Relief: When a person sees in their spouse significant pain for an extended period of time, the implementation of a ‘fix’ will present a strong feeling of relief. I suppose it is the opposite of the depression feelings.  You experience a feeling of hope for the future.  My wife had been in pain so long, and in such quantities, that I could have wept to see her eyes clear of pain.  Every day, this mother of two would wake up; if she slept at all, take a dozen pills, and start her job of running the household.  My daughter had home schooling, my son needed to be entertained, educated, and nurtured, and Christy had play-dates to organize, food to prepare, bills to pay, and medical expenses to track.  She rarely ever admitted to pain.  But you could see it in her eyes, in her walk, and in her every breath.  Knowing that she may have relief from this pain, relief for herself and her quality of life, provided me with relief as well.

When her surgeon met with me afterwards, I heard about how well she did.  And that she was in recovery for the next couple hours.  She told me exactly what went down and how things will progress from here.  I was prepared for the surgeon as I have had these conversations with her before.  I was told to expect Christy to be in very large amounts of pain for the next several weeks.  Apparently the removal of a rectum can be somewhat disruptive to your pain-sensing nerves.  But she made it out of surgery; she would be ok.  And we would begin the next phase of our journey.  Everything would be easy-going and straight-forward from here.  Or so I thought….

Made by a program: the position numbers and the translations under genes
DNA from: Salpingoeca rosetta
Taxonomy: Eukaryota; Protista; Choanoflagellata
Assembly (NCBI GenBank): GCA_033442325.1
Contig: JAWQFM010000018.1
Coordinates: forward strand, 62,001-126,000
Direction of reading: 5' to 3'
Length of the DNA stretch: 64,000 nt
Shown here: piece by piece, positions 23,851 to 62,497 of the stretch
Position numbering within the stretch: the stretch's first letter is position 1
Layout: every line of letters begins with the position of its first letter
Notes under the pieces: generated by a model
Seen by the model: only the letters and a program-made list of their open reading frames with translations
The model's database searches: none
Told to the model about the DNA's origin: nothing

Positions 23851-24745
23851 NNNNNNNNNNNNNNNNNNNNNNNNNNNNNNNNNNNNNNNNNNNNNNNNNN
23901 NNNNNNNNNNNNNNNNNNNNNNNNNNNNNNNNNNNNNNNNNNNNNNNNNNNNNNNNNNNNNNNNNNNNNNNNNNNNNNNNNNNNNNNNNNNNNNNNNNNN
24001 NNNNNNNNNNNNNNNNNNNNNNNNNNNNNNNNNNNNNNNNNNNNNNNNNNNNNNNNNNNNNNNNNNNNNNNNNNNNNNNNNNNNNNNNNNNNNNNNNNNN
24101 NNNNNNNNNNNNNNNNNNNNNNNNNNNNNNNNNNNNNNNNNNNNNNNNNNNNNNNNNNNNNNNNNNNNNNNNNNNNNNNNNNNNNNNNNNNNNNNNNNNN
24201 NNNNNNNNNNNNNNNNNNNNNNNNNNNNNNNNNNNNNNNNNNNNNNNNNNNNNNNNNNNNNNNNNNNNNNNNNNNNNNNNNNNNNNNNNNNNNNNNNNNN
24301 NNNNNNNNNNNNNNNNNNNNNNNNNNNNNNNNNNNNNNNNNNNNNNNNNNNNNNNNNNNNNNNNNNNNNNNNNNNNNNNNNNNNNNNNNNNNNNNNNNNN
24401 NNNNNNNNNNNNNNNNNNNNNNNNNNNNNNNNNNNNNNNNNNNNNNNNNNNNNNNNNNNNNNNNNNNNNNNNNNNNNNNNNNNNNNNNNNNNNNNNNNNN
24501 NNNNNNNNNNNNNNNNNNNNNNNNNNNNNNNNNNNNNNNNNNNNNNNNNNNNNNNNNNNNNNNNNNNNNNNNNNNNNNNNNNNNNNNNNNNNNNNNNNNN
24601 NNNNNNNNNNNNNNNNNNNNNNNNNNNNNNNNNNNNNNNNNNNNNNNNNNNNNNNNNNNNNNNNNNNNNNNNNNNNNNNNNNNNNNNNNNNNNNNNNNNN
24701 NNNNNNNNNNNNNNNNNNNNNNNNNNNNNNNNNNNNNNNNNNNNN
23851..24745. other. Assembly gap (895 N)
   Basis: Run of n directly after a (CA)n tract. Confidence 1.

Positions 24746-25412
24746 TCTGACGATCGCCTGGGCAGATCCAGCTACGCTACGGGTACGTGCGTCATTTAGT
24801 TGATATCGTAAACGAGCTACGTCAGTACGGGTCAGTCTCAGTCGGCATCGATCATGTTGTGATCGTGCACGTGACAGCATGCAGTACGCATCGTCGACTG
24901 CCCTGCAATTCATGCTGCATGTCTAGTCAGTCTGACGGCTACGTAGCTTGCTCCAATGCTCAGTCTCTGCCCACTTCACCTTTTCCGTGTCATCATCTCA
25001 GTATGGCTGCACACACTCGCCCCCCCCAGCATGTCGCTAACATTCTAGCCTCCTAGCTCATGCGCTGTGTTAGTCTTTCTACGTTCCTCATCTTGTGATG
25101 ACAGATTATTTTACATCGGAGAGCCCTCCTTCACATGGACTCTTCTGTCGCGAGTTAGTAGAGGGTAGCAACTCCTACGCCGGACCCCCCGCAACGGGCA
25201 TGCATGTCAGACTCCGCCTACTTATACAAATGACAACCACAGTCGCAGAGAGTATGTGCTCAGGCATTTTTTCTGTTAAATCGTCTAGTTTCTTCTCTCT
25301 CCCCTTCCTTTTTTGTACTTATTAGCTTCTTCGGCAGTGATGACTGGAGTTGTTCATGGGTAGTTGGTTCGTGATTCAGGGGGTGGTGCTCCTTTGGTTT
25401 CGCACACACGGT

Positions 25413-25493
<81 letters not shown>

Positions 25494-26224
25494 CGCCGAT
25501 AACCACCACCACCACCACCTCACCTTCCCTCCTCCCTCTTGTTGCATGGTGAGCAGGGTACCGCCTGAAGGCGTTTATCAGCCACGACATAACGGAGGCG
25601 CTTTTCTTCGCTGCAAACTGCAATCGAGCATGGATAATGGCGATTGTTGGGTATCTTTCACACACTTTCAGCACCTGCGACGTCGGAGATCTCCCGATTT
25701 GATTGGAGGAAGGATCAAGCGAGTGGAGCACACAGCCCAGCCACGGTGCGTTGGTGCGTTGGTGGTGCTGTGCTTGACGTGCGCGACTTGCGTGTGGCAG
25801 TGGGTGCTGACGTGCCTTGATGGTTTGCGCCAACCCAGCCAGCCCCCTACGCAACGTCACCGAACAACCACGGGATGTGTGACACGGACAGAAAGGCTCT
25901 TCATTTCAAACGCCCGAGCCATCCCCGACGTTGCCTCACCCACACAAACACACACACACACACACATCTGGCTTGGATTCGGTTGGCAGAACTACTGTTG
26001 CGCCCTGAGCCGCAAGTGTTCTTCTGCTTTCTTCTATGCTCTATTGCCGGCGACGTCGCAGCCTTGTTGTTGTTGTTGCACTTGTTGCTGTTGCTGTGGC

There are two medications that one can mix; an anti-nausea and a form of painkiller, that has a one-in-eight chance of causing the respiratory system to basically shut down.  Christy was nauseated and in pain, so naturally, she was given these meds.  Unfortunately, she was the one-of-the-eight that necessitated the statistic.  She said her nausea was going away, and that she was getting sleepy.  This was normal for a recovery, so I sat next to her as she went to sleep.  I whipped out my Nintendo DS, and started playing some Puzzle Quest.  A few minutes later, I noticed she made a deep intake of breath.  Then a minute later, another.  I was getting a bit concerned, but I had thought if anything was amiss, the sensors would go off.  About a minute later, a nurse came in to check on her.  She walked over to the head of the bed, and checked on Christy’s vitals.  Then hastily she checked them again.  I said “what’s up”, and she pushed the ‘blue’ button to call in others, then told me the room was “about to fill up”.  I know Christy wanted me to stay in the room, however, it was a small room, and I wanted to make sure they had plenty of space to work.  So I stepped just outside into the hallway and positioned myself clear of the door.  In under a minute, they had no less than eight people in the room, a crash cart, and some sort of mobile anti-drug treatment thingy on its way up.  The fear had returned.